ate from the parochial ex­e­cu­tion of his shoot­ing prac­tice the high-tech video that would it­self be ren­dered tac­ti­cal in more so­phis­ti­cated and glob­al­ized de­fense sys­tems. The dis­tance here be­tween com­bat’s mech­a­nized dance of death and its lit­er­al­iza­tion in ges­ture is sim­ply marked by the irony of videog­ra­phy, rather than co-opted and tele­scoped by it, as in our ac­tual wired wars. No drones and their satel­lite imag­ing, just staged and pro­jected war porn. This par­tic­u­lar 2013 thema­ti­za­tion of Tribe’s video work, in con­nec­tion with mil­i­tary vi­o­lence, would be fa­mil­iar to his re­turn­ing au­di­ences. Just the year be­fore, in a two-phased in­stal­la­tion at Mo­menta Art (Brooklyn) called Rare Earth, Tribe mounts for gallery dis­play eight large-for­mat land­scape pho­to­graphs in the tra­di­tion of Con­sta­ble or Corot, gen­tly con­toured and thickly forested, but some­how oddly un­tram­meled and spook­ily lit—what, misted?—with their sun­lit leaves at times al­most translu­cent around the edges. More un­canny val­leys lit­er­al­ized, as if pre­serv­ing the faint haze of their own back­lit (we dis­cover) ori­gin. For as to­pog­ra­phy, they are a rarer earth yet than they seem at first look: in­deed er­satz, pix­e­lated, wholly rar­efied in their vir­tu­al­ity. They are in fact high-def­i­ni­tion frame en­large­ments from the back­ground land­scapes of com­bat video games, im­mo­bi­lized as if in wait for the tar­get­ings, the F/X ar­tillery bursts, the dig­i­tal zooms. See, for in­stance, Black Creek from 2012 (fig. 6). These vir­tual fields of view are im­ages un­der the sign of re­con­nais­sance. What they most re­sem­ble, within the aes­thetic of gamer sim­u­lacra, is sur­veil­lance in sus­pended an­i­ma­tion, the scene await­ing the sight­ing—and then the on-mon­i­tor may­hem. Again, hy­po­re­al­ism: an ap­par­ently pho­to­graphic im­age un­der­mined as in­dex by its own un­der­ly­ing dig­i­tal gen­er­a­tion as video frame. And these can­vas-scale pho­to­graphs are coun­ter­posed in another room of this same Brooklyn in­stal­la­tion, within its over­all theme of “para­mil­i­tary fan­tasy,” by a fixed-frame but mov­ing-im­age video by Tribe (only the barest mo­tion dis­cernible) of a land­scape from that same mili­tia train­ing ground in up­per New York fea­tured in his col­lab­o­ra­tive work, though serenely de­serted this time, em­i­nently “peace­ful.” In its ironic reprise of Amer­i­can pas­toral­ism, the recorded ter­rain is iden­ti­fied not as the com­put­er­ized back­drop for some first-per­son shooter, but in­stead as a real armed “gar­den” into which (in Leo Marx’s fa­mous an­tithe­sis) the “ma­chine” it­self, in the form of weaponry, will soon dis­rup­tively ap­pear. The linked ironies of the in­stal­la­tion thus book­end each other. The too-nearly-real of so-called war games, tem­po­rar­ily sus­pended in their re­hearsed vi­o­lence, an­swers to the com­mer­cially gen­er­ated scene of fic­tive vi­o­lence in the com­bat genre mode of video game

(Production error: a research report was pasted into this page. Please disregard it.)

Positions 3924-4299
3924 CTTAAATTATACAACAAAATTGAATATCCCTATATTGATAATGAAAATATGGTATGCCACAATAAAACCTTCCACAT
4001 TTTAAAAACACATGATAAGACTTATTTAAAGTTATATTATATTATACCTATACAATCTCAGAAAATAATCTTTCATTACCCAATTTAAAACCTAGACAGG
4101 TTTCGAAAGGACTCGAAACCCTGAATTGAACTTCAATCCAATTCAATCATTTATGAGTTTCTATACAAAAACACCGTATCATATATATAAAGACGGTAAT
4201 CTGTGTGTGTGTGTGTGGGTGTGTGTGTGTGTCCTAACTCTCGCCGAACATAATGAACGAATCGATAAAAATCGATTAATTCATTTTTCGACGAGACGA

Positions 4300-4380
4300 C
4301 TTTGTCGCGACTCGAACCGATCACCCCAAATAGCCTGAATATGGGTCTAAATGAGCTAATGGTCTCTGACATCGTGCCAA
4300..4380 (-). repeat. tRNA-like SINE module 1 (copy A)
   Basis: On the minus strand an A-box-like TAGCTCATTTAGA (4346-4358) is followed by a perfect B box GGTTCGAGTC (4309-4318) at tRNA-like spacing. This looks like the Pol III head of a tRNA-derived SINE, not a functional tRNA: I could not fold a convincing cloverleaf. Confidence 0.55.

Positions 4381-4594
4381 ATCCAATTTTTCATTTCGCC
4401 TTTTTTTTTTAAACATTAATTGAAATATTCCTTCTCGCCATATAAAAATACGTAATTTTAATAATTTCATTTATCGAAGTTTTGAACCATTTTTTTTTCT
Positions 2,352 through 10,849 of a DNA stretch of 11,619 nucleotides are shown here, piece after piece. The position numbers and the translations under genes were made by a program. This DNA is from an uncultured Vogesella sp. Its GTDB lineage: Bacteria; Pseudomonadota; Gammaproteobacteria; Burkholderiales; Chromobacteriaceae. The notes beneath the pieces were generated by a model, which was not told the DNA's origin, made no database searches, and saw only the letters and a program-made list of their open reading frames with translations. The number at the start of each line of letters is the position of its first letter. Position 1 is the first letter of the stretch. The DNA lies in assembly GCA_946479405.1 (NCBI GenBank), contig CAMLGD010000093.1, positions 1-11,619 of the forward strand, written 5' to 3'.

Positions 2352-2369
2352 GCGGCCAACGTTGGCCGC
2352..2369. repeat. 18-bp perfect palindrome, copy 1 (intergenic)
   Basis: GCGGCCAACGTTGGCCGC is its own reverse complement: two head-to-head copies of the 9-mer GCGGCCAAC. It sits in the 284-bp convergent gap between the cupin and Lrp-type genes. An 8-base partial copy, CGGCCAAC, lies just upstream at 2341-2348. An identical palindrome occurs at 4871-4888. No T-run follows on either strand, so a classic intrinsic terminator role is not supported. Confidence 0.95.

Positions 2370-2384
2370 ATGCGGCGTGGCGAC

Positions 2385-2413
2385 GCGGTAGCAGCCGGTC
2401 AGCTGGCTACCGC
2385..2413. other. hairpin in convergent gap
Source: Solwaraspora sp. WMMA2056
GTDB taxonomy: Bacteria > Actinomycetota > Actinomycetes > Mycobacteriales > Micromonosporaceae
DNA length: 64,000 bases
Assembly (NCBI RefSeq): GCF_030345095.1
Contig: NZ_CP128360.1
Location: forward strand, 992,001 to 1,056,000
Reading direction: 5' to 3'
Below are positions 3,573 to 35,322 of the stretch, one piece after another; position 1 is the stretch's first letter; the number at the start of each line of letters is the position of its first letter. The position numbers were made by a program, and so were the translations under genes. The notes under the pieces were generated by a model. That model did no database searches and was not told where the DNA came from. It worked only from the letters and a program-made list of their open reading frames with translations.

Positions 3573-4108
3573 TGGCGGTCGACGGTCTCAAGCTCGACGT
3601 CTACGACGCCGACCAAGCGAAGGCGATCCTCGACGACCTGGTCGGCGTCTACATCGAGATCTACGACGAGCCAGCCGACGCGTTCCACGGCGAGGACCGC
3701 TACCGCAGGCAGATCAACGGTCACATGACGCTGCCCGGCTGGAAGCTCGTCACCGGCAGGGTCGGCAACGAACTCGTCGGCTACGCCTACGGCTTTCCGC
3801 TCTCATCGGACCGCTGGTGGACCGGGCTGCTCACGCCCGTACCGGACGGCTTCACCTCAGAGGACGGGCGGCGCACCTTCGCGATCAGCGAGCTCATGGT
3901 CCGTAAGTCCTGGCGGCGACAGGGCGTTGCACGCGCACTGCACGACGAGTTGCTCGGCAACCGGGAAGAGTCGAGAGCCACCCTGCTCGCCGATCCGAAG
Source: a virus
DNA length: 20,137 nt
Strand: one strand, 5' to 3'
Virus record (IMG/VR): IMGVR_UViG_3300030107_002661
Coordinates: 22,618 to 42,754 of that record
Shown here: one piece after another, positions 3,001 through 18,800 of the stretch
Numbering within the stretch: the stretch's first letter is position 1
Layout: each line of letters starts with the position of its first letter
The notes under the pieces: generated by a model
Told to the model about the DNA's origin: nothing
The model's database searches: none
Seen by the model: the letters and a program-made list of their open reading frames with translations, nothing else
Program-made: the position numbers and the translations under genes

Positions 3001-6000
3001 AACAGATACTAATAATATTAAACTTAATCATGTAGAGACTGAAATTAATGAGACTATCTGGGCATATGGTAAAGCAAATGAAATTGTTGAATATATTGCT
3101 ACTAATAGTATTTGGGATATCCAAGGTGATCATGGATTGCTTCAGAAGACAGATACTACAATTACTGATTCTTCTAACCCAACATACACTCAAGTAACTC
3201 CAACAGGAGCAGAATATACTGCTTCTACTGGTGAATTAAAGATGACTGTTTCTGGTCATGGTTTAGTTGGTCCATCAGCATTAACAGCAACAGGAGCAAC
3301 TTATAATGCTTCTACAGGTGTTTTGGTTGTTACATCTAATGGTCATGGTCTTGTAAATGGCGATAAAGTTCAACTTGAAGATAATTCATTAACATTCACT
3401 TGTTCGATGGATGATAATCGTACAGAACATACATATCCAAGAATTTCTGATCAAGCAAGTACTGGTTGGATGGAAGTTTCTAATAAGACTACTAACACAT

Fig­ure 1. Cory Ar­can­gel, Col­ors, 2006. (In­stal­la­tion view: Lis­son Presents 7, Lis­son Gallery, Lon­don, UK, 2009–2010.) Sin­gle chan­nel video, artist soft­ware, com­puter. Du­ra­tion: 33 days. © Cory Ar­can­gel. Im­age cour­tesy of Cory Ar­can­gel.